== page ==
ROCHESTER, Minn. (FOX 47) - While Minnesota is still growing as a state, a slower population growth could lead to a lost congressional seat.
In response, the state has spent millions of dollars on a "We Count Minnesota" push to ensure that the most accurate numbers are represented in the upcoming census.This March, every household will get a chance to help their community by answering simple questions.
Today at the Rochester Public Library, a census event educated residents of the big count and why it even matters to you at home.
"When we want to invest in our communities, schools, hospitals, or parks, all of those things are determined by the number of people who are counted that live here," said Lt. Gov. Peggy Flanagan.
Affecting both representation and resoruces, ignoring the census can have bad consequences for Minneosta.
"If someone doesn't fill out their census form, if we miss even just one person, that can add up to tow $28,000 over the course of 10 years," said Flanagan.
Fortunately, the 2020 census is easier than ever to complete.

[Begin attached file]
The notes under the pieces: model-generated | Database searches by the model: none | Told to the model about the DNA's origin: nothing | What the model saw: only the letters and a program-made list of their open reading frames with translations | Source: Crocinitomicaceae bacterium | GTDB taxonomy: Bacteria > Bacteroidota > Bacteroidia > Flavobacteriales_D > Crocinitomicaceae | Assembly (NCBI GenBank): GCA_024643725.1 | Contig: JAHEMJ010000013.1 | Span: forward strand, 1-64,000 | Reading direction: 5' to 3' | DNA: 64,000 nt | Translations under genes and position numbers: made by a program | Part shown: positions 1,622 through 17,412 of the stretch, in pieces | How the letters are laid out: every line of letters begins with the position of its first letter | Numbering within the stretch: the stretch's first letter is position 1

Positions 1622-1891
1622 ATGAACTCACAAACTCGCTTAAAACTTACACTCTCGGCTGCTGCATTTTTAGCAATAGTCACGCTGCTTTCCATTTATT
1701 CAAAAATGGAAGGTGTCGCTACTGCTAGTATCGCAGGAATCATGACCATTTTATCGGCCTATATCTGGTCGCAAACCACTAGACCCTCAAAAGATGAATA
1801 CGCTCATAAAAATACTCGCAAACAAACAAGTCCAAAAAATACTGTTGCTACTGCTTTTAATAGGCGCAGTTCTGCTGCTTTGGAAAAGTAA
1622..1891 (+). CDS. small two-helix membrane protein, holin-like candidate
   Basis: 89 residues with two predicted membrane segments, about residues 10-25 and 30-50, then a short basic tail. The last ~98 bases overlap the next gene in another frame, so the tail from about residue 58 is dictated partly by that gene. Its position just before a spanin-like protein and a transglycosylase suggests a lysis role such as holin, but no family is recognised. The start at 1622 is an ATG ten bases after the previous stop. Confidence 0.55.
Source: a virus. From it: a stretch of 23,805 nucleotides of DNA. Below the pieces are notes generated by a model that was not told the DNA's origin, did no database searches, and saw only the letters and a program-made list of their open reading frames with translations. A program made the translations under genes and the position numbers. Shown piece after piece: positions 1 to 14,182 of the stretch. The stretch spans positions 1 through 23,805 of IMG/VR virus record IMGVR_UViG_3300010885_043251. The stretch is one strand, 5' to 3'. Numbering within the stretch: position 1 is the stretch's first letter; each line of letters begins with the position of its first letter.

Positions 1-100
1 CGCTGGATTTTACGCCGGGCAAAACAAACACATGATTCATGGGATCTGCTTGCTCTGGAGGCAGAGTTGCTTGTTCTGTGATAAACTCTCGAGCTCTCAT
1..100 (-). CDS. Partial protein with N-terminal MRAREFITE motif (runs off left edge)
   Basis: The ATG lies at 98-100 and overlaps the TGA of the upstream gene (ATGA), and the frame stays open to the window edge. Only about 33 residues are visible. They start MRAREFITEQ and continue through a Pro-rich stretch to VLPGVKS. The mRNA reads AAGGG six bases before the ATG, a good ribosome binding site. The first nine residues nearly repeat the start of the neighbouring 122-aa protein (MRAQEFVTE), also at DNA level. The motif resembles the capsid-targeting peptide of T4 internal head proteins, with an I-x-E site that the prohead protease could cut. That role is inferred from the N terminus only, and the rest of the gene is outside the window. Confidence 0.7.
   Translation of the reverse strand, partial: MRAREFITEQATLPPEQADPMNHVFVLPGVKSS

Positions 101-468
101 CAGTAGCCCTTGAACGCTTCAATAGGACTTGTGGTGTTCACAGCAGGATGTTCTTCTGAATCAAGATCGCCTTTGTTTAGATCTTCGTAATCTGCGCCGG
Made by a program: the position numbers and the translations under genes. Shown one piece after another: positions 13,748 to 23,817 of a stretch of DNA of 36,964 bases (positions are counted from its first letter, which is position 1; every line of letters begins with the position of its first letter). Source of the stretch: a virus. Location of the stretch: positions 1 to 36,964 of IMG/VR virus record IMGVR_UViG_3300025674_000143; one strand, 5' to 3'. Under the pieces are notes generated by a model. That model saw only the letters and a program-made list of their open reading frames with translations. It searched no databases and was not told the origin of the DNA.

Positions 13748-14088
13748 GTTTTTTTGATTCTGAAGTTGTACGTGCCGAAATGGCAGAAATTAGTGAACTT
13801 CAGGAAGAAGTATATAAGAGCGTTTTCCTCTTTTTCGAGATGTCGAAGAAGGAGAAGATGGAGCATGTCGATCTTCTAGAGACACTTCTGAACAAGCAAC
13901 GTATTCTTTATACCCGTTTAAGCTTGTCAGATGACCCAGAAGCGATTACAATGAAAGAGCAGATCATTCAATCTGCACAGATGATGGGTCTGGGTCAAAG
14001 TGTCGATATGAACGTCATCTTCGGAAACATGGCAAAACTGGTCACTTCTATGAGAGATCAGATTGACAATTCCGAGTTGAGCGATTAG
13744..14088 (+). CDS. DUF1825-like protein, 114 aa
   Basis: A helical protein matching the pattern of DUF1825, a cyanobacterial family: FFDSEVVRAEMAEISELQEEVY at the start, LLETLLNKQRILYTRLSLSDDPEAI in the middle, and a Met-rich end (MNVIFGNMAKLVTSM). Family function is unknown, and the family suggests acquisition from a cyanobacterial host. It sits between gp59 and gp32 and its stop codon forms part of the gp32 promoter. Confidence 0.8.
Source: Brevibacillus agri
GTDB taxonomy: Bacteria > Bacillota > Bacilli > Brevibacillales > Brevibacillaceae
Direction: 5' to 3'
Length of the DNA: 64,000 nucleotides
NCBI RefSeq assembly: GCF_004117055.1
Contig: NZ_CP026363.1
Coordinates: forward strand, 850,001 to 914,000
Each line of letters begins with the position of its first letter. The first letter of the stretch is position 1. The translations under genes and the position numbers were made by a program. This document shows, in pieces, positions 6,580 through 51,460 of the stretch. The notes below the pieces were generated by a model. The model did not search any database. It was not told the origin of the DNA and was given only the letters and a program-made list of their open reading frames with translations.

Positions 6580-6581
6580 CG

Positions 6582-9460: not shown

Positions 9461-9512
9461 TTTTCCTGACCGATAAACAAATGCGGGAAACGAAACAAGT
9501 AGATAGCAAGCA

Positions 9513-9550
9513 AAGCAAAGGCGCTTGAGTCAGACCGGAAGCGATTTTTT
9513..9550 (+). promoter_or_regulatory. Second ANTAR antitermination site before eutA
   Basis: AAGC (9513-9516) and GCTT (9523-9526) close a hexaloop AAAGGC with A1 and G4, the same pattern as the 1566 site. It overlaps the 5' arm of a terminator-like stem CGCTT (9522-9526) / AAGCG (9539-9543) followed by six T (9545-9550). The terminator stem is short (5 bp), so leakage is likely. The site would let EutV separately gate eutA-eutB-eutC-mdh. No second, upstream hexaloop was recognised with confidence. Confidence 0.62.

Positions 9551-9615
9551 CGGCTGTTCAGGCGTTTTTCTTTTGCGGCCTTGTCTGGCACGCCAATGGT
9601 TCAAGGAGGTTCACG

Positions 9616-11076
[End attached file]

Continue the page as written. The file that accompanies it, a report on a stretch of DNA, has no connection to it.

"It's the first time you'll be able to respond online or by phone. In the past, it's always been a paper form," said Minnesota state demographer Susan Brower.
Even with the convenience, many minorities are not counted, resulting in them being underrepresented. The lieutenant governor says she experiences this first hand.
"Too often, I think we are left out of a lot of decisions that are made," Flanagan said. "This is one way we can be civically engaged and make sure people see, hear and value us."
Rochester residents at the library event also pledged to take the 2020 census and were able to post it on the "We Count Minnesota" map.
"The best thing that people can do here in Rochester and the surrounding community is talk to people about it," said Flanagan. "Demystify the census."
However, the state demographer also believes another obstacle would prevent Minnesota having a successful census count.
"One of the things I see standing in the way is that we absolutely don't have enough people to actually go out and take the census," Brower said. "We're not going to have a successful census if we don't have people to take it."
Census takers assist with those who do not self-respond. To help with the shortage of census takers, there are convenient and flexible part-time jobs for those hoping to help out as well as make some extra money.
For more information on these jobs or anything census related, find out more here.